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Umberto Eco, From Old Conspiracy Theories To The Future Of News

 Umberto Eco in his Milan apartment
Umberto Eco in his Milan apartment
Nicolas Truong

Medievalist, novelist, and renown public intellectual, Umberto Eco's most recent novel Numero Zero will be published in English this November. A regular contributor to Italy's L'Espresso magazine and La Repubblica newspaper, his new work of fiction delves into the truth and lies of the mass media. He spoke with Le Monde.

LE MONDE: Do you still read a lot of newspapers?

UMBERTO ECO: I read at least two papers every morning and I scan a much larger chunk of the press each day. I can't take my coffee or start a day without diving in. I still ascribe to Hegel's idea that reading the newspapers is the "daily prayer of modern man." I am also a contributor — I write for a daily newspaper and a weekly magazine. But I don't often venture far past the headlines, because the press is trying desperately to repeat every morning all the information that was revealed the day before.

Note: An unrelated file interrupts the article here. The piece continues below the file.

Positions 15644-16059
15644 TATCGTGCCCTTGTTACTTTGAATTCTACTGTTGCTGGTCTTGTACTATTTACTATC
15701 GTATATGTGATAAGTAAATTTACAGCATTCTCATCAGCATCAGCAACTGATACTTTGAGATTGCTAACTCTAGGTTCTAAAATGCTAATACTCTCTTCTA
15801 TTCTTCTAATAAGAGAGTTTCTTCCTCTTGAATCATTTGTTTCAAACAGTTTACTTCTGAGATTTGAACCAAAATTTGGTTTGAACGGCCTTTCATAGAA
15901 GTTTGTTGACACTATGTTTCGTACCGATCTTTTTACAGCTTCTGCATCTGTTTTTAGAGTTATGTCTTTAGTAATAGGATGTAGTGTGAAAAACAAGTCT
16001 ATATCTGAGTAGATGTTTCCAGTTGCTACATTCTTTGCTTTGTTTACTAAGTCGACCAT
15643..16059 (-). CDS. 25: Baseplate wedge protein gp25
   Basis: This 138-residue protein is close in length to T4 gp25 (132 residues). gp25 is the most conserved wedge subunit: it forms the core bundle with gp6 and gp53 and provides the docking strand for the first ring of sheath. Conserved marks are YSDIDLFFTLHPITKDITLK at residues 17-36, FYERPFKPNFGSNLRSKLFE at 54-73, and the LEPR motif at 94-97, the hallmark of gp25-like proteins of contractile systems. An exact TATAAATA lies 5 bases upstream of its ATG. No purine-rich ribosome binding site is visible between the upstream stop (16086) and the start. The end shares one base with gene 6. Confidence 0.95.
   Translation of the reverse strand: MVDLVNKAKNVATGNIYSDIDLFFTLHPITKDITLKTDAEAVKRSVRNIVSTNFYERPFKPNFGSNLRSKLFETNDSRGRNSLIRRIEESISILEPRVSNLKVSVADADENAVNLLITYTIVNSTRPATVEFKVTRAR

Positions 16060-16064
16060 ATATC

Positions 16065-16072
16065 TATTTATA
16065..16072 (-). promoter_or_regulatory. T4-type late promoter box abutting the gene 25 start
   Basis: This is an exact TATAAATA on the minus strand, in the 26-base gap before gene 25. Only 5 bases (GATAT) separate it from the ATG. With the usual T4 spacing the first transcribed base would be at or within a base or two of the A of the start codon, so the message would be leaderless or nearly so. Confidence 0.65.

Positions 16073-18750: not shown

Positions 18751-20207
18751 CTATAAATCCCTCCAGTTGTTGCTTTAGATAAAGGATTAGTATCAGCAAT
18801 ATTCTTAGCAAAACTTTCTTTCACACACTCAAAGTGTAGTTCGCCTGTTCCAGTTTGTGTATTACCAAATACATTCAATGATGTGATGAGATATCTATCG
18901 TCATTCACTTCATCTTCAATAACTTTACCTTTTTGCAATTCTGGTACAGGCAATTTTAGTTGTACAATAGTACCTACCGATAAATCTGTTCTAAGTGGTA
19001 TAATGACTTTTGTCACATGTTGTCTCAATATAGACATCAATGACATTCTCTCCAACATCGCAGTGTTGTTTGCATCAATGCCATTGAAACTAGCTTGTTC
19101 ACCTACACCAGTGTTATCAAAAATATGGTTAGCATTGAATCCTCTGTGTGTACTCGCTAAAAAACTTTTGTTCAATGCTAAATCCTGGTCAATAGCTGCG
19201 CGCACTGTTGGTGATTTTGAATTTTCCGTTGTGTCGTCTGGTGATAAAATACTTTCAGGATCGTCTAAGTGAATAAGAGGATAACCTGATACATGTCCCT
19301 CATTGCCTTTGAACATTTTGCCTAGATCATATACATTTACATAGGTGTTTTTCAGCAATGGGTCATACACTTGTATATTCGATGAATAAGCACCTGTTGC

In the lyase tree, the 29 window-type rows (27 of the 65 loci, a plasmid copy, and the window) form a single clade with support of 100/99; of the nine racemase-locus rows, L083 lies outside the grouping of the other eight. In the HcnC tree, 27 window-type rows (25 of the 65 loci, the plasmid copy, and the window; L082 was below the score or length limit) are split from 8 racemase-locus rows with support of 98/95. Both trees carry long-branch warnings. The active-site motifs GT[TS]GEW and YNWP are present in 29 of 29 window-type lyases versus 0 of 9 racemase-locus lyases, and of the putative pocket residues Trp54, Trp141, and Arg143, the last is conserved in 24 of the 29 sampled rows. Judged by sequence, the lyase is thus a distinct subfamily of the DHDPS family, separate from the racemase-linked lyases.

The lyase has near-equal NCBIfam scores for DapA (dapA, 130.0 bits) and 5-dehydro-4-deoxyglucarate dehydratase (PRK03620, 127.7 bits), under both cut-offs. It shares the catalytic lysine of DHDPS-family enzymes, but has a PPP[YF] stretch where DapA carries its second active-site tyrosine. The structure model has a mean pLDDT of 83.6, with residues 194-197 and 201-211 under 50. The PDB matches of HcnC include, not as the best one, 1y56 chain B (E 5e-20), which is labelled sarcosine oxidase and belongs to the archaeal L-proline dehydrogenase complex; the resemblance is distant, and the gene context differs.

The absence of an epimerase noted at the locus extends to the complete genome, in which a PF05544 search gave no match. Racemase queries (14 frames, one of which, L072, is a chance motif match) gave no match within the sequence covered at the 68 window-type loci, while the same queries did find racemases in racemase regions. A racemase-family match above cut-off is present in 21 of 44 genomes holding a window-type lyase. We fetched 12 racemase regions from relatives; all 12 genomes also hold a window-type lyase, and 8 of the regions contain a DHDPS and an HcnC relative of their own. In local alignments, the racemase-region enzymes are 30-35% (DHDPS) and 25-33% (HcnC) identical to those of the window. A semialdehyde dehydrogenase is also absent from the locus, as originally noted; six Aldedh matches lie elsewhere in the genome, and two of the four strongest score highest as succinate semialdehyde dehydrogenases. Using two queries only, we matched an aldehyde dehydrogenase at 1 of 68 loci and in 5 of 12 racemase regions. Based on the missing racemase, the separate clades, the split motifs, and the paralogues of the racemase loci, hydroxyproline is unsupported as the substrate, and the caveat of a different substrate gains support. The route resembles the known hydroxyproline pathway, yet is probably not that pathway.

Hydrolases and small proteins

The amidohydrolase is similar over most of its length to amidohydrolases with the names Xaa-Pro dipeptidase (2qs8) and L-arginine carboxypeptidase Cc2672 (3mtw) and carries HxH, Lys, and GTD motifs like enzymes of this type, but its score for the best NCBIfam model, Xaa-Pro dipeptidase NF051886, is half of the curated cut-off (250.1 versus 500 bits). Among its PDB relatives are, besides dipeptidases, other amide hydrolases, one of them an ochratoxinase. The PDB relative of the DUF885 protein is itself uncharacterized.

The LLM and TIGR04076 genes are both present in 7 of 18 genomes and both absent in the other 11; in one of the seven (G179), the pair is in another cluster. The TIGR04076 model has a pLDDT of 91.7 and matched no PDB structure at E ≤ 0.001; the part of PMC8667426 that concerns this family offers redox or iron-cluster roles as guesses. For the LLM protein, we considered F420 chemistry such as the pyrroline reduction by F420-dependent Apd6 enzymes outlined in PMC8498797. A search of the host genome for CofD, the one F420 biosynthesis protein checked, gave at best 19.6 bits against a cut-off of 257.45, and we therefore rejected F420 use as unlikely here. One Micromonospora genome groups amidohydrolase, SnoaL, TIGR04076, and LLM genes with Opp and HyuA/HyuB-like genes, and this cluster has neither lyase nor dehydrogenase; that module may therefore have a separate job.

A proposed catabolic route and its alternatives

Repeating information without adding depth, is this what's threatening the daily press?

The press is still breaking its back to reclaim, without adding any great value, the same news being broadcast in a loop on radio and TV news stations. It's a major crisis that dates almost to the birth of television.

Should the press do more to keep critical thinking alive?

We are witnessing the extinction of militant criticism. Yes, we have to rehabilitate criticism in journalism, and widen its scope, notably to include the Internet. The newspaper should be dedicating one or two pages to criticizing websites — signaling both the imposters and the blogs you can trust. We shouldn't renounce the role of forging the public's taste. The newspaper can be a critical filter and remain democratic.

Is the concentrated ownership of the press by a few big groups also dangerous?

This concentration of the press is a true problem. In Italy, all the papers depend on multiple industrial enterprises or powerful banks. France finds itself in a similar situation. As such, we need to install strong leadership at the head of newspapers to resist certain pressures.